The Big Sick ★★★★

Riding the train into New York to see one of the first showings of "The Big Sick," I couldn't shake the fear that this movie would suck. It had to, right? There were just too many expectations, and it was bound to disappoint us somehow. I mean, it was Kumail Nanjiani and Emily V. Gordon's first feature length script about the incredible true story of their relationship. It was directed by Michael Showalter after last year's surprisingly touching "Hello, My Name Is Doris." It was a big hit at Sundance, scoring the festival's second-largest acquisition deal of the year. The list goes on. Ray Romano. Bo Burnham. 96% on Rotten Tomatoes. Oscar buzz, even. Simply too good to be true.

Well, almost as unlikely as meeting your ex-girlfriend's parents in the hospital while she is in a medically induced coma, "The Big Sick" actually lived up to the incredible hype surrounding it. Seriously, how does one create a successful and engaging romantic comedy when one of the lovers is unconscious for half of the film? The answer is that the film can be split into two halves, each containing its own separate love story. In the first half, Kumail and Emily meet at a comedy club, and despite their individual hang-ups about commitment (Kumail's religious family wishes that he marry a Pakistani Muslim and Emily is hesitant to date after a failed marriage), they fall in love. Then, in the second half, when an un-diagnosed illness forces doctors to place Emily into a medically induced coma following an ugly breakup, Kumail realizes he has made a huge mistake and attempts to win the hearts of Emily's parents—a love story arc in its own right.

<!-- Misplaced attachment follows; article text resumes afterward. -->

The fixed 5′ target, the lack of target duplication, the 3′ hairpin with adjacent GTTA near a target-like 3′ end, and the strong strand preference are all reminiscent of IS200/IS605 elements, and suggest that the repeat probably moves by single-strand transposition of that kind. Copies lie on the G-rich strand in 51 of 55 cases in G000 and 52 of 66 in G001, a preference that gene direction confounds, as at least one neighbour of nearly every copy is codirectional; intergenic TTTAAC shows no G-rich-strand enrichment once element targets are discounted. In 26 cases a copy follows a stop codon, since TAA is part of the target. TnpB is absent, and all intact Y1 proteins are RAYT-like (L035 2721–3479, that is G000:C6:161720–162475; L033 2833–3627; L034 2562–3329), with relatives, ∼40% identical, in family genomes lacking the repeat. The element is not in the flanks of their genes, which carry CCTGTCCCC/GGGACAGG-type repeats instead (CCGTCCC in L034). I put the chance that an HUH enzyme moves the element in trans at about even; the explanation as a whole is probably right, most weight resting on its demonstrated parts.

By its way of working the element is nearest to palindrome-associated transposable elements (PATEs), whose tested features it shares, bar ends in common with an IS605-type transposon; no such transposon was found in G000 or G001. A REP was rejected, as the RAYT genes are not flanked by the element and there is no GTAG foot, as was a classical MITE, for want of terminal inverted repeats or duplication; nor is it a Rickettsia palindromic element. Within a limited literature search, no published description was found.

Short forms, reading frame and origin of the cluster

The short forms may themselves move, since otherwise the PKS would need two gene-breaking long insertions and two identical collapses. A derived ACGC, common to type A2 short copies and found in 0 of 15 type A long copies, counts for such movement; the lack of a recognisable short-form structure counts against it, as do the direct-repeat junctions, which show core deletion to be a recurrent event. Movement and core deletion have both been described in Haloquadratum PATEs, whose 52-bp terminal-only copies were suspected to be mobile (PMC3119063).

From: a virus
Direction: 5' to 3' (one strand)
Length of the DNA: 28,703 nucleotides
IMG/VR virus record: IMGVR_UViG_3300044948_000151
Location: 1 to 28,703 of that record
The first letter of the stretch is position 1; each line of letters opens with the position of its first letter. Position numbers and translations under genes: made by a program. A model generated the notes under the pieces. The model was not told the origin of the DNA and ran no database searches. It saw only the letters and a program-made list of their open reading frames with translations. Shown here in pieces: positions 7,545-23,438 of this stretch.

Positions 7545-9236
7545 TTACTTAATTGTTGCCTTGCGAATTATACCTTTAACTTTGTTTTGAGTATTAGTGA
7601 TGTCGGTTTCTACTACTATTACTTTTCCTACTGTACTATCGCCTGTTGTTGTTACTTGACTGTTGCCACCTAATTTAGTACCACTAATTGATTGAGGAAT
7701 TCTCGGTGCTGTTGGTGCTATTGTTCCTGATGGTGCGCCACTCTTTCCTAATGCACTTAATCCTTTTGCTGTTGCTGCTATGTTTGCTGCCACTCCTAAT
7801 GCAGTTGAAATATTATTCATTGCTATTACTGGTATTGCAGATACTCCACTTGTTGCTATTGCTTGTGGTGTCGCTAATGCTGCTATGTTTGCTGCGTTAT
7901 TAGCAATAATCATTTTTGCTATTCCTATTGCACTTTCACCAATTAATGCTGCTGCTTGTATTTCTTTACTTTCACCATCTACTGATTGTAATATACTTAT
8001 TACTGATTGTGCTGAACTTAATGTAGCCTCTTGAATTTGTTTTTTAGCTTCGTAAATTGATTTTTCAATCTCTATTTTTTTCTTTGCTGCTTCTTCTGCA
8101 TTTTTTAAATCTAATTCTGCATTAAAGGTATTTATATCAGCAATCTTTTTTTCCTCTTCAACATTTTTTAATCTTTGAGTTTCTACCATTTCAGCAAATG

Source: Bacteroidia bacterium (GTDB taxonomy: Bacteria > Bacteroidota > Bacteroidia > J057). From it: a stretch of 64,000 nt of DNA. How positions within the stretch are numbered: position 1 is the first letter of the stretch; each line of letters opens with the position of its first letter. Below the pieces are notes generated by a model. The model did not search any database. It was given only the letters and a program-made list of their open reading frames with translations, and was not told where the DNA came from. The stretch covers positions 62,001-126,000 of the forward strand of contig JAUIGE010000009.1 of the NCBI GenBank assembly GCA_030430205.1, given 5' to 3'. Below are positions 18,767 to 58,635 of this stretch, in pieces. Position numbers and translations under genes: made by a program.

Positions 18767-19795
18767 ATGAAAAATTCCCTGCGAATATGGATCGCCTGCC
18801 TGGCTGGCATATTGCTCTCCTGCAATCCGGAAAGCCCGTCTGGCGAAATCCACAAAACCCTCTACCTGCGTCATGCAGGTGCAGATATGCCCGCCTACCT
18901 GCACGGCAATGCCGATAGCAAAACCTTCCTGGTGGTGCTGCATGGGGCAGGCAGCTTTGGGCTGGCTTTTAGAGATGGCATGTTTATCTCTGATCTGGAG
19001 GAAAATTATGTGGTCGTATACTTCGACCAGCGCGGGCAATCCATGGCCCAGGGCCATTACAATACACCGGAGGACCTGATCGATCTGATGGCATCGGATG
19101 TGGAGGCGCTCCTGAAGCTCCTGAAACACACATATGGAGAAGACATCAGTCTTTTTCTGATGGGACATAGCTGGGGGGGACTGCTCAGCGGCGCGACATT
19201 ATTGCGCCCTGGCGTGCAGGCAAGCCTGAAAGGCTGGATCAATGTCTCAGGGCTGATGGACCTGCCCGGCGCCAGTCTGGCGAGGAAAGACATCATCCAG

It's hard to make a fresh romantic comedy these days, even when approaching it from the "winning over her parents" angle, because that too has been done before. What makes "The Big Sick" work is the honesty with which it was written. Kumail and Emily's banter as they are dating is so natural, true to the way that couples actually make each other laugh. And when the lovers split, it's not over some comedically tragic misunderstanding; it's because both characters at that time truly cannot see a future together. When confronted by his parents about his religious beliefs, Kumail dodges the cliché of a loud monologue revealing his bottled-up feelings. He simply says, "I don't know." And rather than neatly burying the hatchet at the end, as so many films do to create a picture perfect ending, the credits roll without Kumail being forgiven by his family. Because real family disagreements take more time to heal. Similarly, Emily doesn't wake up from the coma and run to Kumail's arms for that big, cinematic kiss, because she has been unconscious for all of his progression as a character. When she wakes up, in her mind he's still the jerk who hid her from his family. Honest choices like these allow the audience to trust the screenwriters completely and become engrossed with the film.

Like all first screenplays, “The Big Sick” is not without flaws. At first glance, it’s almost impressive how the film manages to cover so many topics without short-changing any of them. Love, family, religion, stand-up comedy—all of these share a healthy amount of screen time and each complete an independent arc that feels integral to the core story. However, at 119 minutes, after passing multiple exit ramps before finally reaching a conclusion, there were certainly some darlings left to be killed in this film. Still, the damage done by the excess of scenes, themes, and characters is minimal, as the film’s honesty and warmth endures despite a bloated run-time.